Central Archive of the Ministry of Defense of the Russian Federation (TsAMO RF) received the collection of “German documents of the First World War” (Fond 500, Series 12519) from the Military Scientific Directorate and the General Staff of the Military Forces of the USSR during the period of 1953-1961. The collection includes 36,000 pages of institutional documents of German Great General Staff, staffs and chiefs of troops, military units, the Prussian War Ministry, Ministry of Internal Affairs, Ministry of Foreign Affairs and others.
The bulk of the collection includes war operations record books (84 folders), maps and schemas (146 folders), personnel files (85 folders), financial records and other documents. Also included are lists of military units and overview of their formation and deployment, records of weapons supply, chemical weapons use, information about damaged and sunken battleships, military propaganda materials and surveillance briefs.
The collection also includes materials about Germany’s foreign and internal affairs, the 1907 Second Hague Peace Conference, The Russo-Japanese War of 1904, peace treaty and economic negotiations with Romania.

Exhibit: New exhibit features 2014 Library Prize winning project from History student Matthew Enger

The Charlene Conrad Liebau Library Prize for Undergraduate Research display case on the second floor of the Doe Library now features an exhibit on 2014 prize winner Matthew William Enger's Order from Chaos: Ethnogenesis, Direct Democracy and Statecraft in California,1948-1958.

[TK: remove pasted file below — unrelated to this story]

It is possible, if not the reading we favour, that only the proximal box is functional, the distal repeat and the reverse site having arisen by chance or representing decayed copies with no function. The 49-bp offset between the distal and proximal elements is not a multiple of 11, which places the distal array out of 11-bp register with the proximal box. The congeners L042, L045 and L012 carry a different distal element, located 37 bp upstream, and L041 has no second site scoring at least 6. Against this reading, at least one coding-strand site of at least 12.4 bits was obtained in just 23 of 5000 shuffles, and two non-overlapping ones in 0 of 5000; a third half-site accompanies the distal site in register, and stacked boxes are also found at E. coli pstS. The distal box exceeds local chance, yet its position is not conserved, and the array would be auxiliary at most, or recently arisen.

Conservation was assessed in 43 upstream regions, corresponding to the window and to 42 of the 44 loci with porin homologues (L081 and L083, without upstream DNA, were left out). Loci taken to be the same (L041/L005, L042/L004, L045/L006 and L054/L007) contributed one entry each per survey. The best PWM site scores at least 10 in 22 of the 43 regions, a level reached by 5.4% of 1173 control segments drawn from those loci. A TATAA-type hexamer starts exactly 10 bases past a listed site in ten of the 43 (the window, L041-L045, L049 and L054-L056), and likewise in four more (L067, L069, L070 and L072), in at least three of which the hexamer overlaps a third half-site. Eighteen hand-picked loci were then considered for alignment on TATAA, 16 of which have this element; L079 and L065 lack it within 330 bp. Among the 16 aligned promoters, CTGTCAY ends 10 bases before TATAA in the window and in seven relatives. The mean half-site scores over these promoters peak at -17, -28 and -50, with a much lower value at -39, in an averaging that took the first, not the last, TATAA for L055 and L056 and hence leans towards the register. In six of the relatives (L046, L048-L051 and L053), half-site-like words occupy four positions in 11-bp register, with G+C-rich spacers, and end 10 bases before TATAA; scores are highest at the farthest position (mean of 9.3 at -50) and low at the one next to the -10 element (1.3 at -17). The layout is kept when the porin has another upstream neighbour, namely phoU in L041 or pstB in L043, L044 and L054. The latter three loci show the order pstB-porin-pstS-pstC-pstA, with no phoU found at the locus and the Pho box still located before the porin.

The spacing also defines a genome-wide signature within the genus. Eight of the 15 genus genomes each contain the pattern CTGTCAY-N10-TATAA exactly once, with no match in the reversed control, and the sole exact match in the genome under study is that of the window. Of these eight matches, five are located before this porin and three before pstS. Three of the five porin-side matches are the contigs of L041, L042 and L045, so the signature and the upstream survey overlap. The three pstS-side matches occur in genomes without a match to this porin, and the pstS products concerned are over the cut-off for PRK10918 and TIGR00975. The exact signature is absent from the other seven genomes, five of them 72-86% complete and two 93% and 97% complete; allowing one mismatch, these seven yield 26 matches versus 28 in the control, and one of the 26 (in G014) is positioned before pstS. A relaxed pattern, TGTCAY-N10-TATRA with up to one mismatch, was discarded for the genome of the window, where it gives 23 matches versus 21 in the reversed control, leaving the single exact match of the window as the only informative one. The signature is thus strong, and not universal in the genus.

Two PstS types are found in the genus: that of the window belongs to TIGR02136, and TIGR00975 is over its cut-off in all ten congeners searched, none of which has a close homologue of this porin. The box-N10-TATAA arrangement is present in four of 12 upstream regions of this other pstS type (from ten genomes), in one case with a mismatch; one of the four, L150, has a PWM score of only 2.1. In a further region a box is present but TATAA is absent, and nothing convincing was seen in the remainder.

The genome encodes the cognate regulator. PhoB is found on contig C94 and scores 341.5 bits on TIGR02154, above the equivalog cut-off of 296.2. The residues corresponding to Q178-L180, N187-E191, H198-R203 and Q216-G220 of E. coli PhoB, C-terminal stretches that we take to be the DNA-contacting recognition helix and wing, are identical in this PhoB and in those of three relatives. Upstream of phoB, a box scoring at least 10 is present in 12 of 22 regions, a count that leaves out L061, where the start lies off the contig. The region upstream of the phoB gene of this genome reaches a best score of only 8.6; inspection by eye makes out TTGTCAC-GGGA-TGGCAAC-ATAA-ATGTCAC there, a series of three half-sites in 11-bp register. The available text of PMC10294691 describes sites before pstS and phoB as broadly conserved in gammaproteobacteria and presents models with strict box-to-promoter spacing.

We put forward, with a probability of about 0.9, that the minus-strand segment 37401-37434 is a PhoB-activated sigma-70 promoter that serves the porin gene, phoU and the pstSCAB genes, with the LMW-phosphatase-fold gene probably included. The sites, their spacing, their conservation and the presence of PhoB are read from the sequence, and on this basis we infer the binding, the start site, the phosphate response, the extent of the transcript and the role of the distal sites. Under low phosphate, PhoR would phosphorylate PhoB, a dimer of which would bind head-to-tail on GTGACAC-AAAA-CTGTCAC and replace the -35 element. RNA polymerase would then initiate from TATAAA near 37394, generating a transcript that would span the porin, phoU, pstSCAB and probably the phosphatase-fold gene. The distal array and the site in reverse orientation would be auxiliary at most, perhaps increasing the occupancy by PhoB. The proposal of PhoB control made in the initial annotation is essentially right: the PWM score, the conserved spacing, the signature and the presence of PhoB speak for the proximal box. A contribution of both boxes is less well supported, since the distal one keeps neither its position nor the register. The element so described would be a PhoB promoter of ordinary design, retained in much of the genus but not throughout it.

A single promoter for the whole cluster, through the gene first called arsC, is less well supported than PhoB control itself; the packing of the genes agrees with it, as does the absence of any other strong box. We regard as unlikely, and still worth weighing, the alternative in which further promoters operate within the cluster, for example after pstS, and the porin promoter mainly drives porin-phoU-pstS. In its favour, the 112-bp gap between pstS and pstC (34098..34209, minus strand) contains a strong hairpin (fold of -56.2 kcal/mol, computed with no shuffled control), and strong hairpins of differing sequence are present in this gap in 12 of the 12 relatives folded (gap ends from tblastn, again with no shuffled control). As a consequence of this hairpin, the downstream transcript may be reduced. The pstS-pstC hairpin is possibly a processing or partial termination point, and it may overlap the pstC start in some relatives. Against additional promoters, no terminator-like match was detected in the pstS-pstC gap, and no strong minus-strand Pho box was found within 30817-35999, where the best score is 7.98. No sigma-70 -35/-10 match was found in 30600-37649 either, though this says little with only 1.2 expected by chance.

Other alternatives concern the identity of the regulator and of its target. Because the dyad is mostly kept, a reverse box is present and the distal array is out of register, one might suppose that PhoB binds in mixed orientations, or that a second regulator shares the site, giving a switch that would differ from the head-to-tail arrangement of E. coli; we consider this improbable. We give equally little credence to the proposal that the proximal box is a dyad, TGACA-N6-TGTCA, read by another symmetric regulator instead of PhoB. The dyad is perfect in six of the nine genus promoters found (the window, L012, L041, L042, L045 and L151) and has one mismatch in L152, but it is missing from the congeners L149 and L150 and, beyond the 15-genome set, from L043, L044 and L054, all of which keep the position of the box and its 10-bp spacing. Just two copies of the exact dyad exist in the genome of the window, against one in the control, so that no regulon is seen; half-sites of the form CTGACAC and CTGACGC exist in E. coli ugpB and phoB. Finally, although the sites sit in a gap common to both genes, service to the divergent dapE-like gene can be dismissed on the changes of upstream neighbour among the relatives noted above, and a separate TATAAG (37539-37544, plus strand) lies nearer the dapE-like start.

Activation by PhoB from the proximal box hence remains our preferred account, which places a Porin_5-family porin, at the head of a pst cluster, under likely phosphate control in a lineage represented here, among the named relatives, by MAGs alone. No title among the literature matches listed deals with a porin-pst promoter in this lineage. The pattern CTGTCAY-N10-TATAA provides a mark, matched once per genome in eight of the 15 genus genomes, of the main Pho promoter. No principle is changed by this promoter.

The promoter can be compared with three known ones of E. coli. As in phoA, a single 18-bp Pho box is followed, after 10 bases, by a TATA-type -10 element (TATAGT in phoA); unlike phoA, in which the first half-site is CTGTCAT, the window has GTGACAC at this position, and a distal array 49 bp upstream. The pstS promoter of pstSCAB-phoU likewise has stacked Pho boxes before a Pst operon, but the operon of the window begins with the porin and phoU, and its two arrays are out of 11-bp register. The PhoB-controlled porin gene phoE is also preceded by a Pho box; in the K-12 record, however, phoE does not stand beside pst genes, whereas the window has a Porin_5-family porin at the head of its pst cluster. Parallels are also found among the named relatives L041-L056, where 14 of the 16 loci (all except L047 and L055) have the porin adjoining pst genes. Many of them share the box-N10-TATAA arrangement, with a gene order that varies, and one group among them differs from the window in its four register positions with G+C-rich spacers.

Abstract: In the large corpus of academic literature addressing Californian politics in the 1950s, very little scholarship considers the relationship between the state’s robust system of direct democracy, exemplified by the initiative process, and the transformative demographic and economic changes that were then remaking the state. In the course of preparing this thesis, the author found that: (1) the fundamental political, economic and social incentives that sustained a culture of direct democracy in the 1950s have barely changed over the course of sixty years; (2) decades-long political battles centering on old age pensions and public housing peaked in the early part of the 1950s specifically through the initiative process, setting a firm precedent for related disputes in succeeding decades; and (3) white, established, middle-class Californians were psychologically motivated to pursue specific types of policy through the initiative process because of rapid demographic changes that were leaving the state and its cities poorer and less white than they had ever been before. One major consequence of having direct democracy at the onset of a demographic transformation is that elite economic interests and their political allies could usually exploit the initiative process to protect white privilege and maintain existing power structures to the detriment of marginalized communities. As demographic transformation continues to remake the face of the state, the kinds of public policies enacted at the ballot will more and more reflect the priorities of the younger, and more linguistically and culturally diverse California of today.

The full paper is available on eScholarship: http://escholarship.org/uc/item/39x5g29j